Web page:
However, we are talking about a sacred book not any old fashion book. A sacred book should have both theological and historical credibility and reliability. Ordinary lay people base their faith and belief in that.
    Although some discard the value in the miserly innocent errors in the bible, the major intentional theological errors are the great concern.
    Most, if not all early churches considered themselves orthodox and all others heretic and vice versa. It is here where theological opinions were inserted by most if not all churches to prove their theology over the other being correct and the one that should be followed. These are major errors and yes should be thrown out. Not God’s word. Human innovations and modifications leading to human conclusions..and more importantly theological errors in a colossal way.
    As a lay person seeking the truth, I am interested in what God says, not what a human says.
    Forged letters are forged letters whether legal or illegal – society accepted or not accepted.
    These discussions of the elaborations seem to deter from the sincere intention of the one seeking truth. God did not send us a scripture in a riddle requiring ingenuity in ascertaining the message.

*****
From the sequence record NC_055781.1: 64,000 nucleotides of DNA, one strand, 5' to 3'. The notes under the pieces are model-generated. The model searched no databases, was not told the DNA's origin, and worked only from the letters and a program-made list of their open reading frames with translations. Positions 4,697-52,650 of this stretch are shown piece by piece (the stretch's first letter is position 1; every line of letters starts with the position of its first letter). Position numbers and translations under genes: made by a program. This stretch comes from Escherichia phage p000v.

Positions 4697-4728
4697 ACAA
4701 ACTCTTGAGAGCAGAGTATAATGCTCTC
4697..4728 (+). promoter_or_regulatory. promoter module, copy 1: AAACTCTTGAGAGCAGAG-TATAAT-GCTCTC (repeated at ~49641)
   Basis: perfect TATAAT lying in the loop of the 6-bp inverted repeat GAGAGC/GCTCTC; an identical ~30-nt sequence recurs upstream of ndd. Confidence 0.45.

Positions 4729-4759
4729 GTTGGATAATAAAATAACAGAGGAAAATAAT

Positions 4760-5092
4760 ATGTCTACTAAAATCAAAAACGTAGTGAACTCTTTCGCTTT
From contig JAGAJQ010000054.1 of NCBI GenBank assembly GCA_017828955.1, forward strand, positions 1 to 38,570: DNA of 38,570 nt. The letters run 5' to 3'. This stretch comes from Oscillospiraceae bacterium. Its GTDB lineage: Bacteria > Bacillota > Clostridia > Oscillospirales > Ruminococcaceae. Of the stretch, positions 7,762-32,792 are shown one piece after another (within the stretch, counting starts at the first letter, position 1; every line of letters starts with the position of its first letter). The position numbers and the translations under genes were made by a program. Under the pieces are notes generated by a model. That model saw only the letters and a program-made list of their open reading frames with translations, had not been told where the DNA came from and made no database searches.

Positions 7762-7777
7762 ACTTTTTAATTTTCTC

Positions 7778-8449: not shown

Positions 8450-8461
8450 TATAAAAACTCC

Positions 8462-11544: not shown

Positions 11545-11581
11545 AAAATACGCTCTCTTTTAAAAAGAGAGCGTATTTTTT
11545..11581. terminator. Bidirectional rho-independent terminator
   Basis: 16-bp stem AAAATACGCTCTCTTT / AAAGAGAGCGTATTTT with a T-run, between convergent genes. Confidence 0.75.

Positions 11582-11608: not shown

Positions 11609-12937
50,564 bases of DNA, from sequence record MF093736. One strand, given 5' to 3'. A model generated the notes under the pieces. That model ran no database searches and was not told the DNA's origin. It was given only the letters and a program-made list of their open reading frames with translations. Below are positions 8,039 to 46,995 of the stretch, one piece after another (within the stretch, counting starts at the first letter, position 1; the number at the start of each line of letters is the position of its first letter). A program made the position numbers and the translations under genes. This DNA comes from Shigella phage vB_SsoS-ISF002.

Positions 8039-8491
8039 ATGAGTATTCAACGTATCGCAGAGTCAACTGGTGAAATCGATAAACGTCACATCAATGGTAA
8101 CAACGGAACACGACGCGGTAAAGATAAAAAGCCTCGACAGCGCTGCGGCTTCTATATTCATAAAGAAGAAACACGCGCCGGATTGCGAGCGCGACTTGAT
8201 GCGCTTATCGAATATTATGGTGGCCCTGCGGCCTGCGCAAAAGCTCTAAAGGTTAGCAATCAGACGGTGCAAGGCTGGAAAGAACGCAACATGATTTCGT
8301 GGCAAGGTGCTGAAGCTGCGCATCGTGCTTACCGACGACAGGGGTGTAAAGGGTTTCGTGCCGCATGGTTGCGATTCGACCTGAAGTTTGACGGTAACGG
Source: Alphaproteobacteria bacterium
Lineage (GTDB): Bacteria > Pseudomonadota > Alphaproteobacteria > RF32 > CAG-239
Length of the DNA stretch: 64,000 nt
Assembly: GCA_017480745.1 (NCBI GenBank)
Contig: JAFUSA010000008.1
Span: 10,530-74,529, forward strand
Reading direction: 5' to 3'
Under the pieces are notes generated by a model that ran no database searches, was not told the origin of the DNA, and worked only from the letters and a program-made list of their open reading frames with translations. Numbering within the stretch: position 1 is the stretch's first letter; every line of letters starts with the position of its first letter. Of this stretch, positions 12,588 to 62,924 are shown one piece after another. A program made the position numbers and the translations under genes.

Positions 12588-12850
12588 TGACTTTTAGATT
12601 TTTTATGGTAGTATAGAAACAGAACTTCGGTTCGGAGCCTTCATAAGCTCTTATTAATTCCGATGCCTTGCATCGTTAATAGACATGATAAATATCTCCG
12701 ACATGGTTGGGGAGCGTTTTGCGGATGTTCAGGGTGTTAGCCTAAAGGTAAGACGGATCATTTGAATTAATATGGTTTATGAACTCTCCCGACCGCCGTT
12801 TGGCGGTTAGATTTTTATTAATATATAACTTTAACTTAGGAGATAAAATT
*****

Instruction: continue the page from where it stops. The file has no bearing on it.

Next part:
God sent scripture and messages through messengers, some believe to Noah, but for sure to Abraham, David, Moses, Jesus and some believe to Mohamed. What is in common ? … One God, one message. The message and truth is in these scriptures.

    What is more important Dr Ehrman? History of how and when the errant opinions were inserted into a sacred book ( although important ) or God’s message?

    • Bart
      Bart  September 18, 2019

      Interesting points! Two issues, for me. One is, I’m not actuallyjust talking about the Bible — I’m talking about all ancient writings. And second, for me the question is, historically, what makes the Bible “sacred”? My sense is that this is a theological belief, not a historical claim — in other words, when the books of the Bible were being written, they were not understood to be inspired by God (by their authors or their first readers). That is only a later belief, a kind of claim about them made by *later* believers. And so, from a historical perspective, my view is they need to be treated like all other books at their time. If anyone chooses not to do so, that’s perfectly fine, of course; but then I would argue they are embracing religious views rather than trying to figure out what happened in history.

      • Avatar
        RICHWEN90  September 18, 2019